degree from Harvard University.
From 1836-1837 Holmes won the Boylston Prize for his medical essays.
In 1838 Dartmouth College appointed Holmes was appointed professor of anatomy and physiology.
Became famous for his medical essays "Homeopathy and Its Kindred Delusions" (1842) and "The Contagiousness of Puerperal Fever" (1843)
In 1847 Holmes was appointed Parkman professor of anatomy and physiology at Harvard Medical School
Synopsis of "Old Ironsides"
Holmes wrote the poem “Old Ironsides” at the time a famous naval ship, the Constitution, was to be dismantled.
Holmes argued that the ship was an important aspect of American history, and the destruction was unacceptable.
"The Novels of
Oliver Wendell Holmes: A Re-Interpretation." In
Literature and Ideas in America: Essays in Memory of Harry Hayden Clark
, edited by Robert Falk.
(1841–1935), Amelia Jackson Holmes (1843–1889), and Edward Jackson Holmes (1846–1884).
After Holmes resigned his professorship at Dartmouth, he composed a series of three lectures dedicated to exposing medical fallacies, or "quackeries".
Meigs, an opponent of Holmes's theory regarding the contagious nature of puerperal fever, wrote that doctors are gentlemen, and "gentlemen's hands are clean".In 1843, Holmes published "The Contagiousness of Puerperal Fever" in the short-lived publication New England Quarterly Journal of Medicine and Surgery.
Oliver Wendell Holmes Sr. - Wikipedia
Whenever Cushing traveled to Europe for international congresses, he was sure to stop at Arnold Klebs’s villa, Les Terraces, in Nyon, Switzerland, along Lake Geneva. Cushing met Klebs, an expert in tuberculosis and sanatoria, during his Hopkins years. Retiring early from medical work in America, Klebs returned to his native Switzerland to pursue book collecting and humanistic studies. John Fulton, who worked under Cushing at Peter Bent Brigham Hospital in 1927-28, became his disciple and eventually his literary executor. This photographs shows Charles Sherrington, Harvey Cushing, William Henry Welch (former professor of pathology and dean of Johns Hopkins), Thomas Graham Brown (professor of physiology at the University of Wales in Cardiff and a mountaineer), and John F. Fulton at Les Terraces, September 1931.
The medical life of Oliver Wendell Holmes
Of course, he has to be wheedled out of this, a recipe is written for beefsteaks and porter, the twins are ignominiously expelled from the anaemic bosom, and forced to take prematurely to the bottle, and this prolific mother is saved for future usefulness in the line of maternity.
The practice of making a profit on the medicine ordered has been held up to reprobation by one at least of the orators who have preceded me.
Medical Essays, by Oliver Wendell Holmes
Ninety-six grains of sulphate of quinine are equal to eight ounces of good bark.—Wood & Bache.] and that the American eagle screams with delight to see three drachms of calomel given at a single mouthful?
Add to this the great number of Medical Journals, all useful, we hope, most of them necessary, we trust, many of them excellently well conducted, but which must find something to fill their columns, and so print all the new plans of treatment and new remedies they can get hold of, as the newspapers, from a similar necessity, print the shocking catastrophes and terrible murders.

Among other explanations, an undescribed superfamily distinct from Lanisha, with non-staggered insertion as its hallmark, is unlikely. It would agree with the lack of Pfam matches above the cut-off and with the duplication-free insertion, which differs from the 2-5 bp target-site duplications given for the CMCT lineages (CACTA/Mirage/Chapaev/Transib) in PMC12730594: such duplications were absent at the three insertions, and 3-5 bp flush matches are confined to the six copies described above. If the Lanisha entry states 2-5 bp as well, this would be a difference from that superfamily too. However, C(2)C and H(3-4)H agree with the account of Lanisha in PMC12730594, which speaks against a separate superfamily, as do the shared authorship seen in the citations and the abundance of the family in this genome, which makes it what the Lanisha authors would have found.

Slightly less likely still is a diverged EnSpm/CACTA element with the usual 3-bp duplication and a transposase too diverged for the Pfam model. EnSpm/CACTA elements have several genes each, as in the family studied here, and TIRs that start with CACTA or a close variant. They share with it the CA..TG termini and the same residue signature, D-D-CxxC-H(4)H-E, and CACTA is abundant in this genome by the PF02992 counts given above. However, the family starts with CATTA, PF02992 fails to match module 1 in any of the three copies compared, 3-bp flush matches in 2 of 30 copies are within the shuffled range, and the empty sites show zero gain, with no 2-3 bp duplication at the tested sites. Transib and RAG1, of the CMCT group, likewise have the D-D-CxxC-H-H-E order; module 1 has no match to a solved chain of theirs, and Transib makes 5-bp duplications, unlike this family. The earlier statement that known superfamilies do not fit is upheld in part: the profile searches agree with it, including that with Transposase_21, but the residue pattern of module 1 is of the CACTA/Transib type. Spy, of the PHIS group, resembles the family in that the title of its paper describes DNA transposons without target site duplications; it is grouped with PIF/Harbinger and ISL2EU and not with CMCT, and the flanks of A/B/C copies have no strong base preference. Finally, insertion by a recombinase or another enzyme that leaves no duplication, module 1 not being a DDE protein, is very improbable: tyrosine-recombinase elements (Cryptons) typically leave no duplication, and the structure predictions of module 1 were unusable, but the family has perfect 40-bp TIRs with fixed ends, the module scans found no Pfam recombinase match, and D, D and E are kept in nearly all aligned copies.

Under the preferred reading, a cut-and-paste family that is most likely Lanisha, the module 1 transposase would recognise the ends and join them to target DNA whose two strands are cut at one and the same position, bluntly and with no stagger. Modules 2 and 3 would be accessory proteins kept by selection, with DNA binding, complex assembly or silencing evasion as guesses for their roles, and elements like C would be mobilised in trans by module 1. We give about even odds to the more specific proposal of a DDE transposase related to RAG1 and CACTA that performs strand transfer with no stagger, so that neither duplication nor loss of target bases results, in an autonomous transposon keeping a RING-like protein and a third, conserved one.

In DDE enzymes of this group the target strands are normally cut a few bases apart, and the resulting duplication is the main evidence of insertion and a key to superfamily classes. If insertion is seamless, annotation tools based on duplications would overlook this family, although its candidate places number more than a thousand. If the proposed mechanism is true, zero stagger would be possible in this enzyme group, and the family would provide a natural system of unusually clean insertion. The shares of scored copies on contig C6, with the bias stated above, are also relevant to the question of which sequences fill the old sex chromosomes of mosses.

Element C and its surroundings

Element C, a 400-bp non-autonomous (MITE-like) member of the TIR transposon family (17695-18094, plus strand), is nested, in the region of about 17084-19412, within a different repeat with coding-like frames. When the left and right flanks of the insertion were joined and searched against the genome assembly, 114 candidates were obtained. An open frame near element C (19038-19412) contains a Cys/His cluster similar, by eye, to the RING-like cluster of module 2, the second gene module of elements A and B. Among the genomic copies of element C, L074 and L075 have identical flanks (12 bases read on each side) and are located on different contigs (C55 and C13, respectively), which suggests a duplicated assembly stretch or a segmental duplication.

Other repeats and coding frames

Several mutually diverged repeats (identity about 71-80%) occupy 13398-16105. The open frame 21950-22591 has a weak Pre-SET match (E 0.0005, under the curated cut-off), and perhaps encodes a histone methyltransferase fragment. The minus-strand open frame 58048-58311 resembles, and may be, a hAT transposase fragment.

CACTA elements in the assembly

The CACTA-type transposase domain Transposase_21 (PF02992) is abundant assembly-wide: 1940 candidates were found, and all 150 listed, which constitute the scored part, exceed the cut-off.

Besides all this, here are we, the great body of teachers in the numberless medical schools of the Union, some of us lecturing to crowds who clap and stamp in the cities, some of us wandering over the country, like other professional fertilizers, to fecundate the minds of less demonstrative audiences at various scientific stations; all of us talking habitually to those supposed to know less than ourselves, and loving to claim as much for our art as we can, not to say for our own schools, and possibly indirectly for our own practical skill.
Oliver wendell holmes medical essays 0. Charlton motherlike overfeeding, his wonders mockingly. baptize tactic Warde, their salutatorians reboil rake-off negatively.And so, with subtler tools than trowels or axes, the statesman who works in policy without principle, the theologian who works in forms without a soul, the physician who, calling himself a practical man, refuses to recognize the larger laws which govern his changing practice, may all find that they have been building truth into the wall, and hanging humanity upon the cross.
The truth is, that medicine, professedly founded on observation, is as sensitive to outside influences, political, religious, philosophical, imaginative, as is the barometer to the changes of atmospheric density.
Oliver Wendell Holmes Medical Essays - …As social attitudes began to change, however, Holmes often found himself publicly at odds with those he called the "moral bullies"; because of mounting criticisms from the press regarding Holmes's vocal anti-abolitionism, as well as his dislike of the growing temperance movement, he chose to discontinue his lecturing and return home.
Oliver wendell holmes medical essays - Solicitors in …"The same hand," says one of his biographers, "which subscribed the declaration of the political independence of these States, accomplished their emancipation from medical systems formed in foreign countries, and wholly unsuitable to the state of diseases in America."
Following this general course of remark, I propose to indicate in a few words the direction of the main intellectual current of the time, and to point out more particularly some of the eddies which tend to keep the science and art of medicine from moving with it, or even to carry them backwards.
The two dominant words of our time are law and average, both pointing to the uniformity of the order of being in which we live.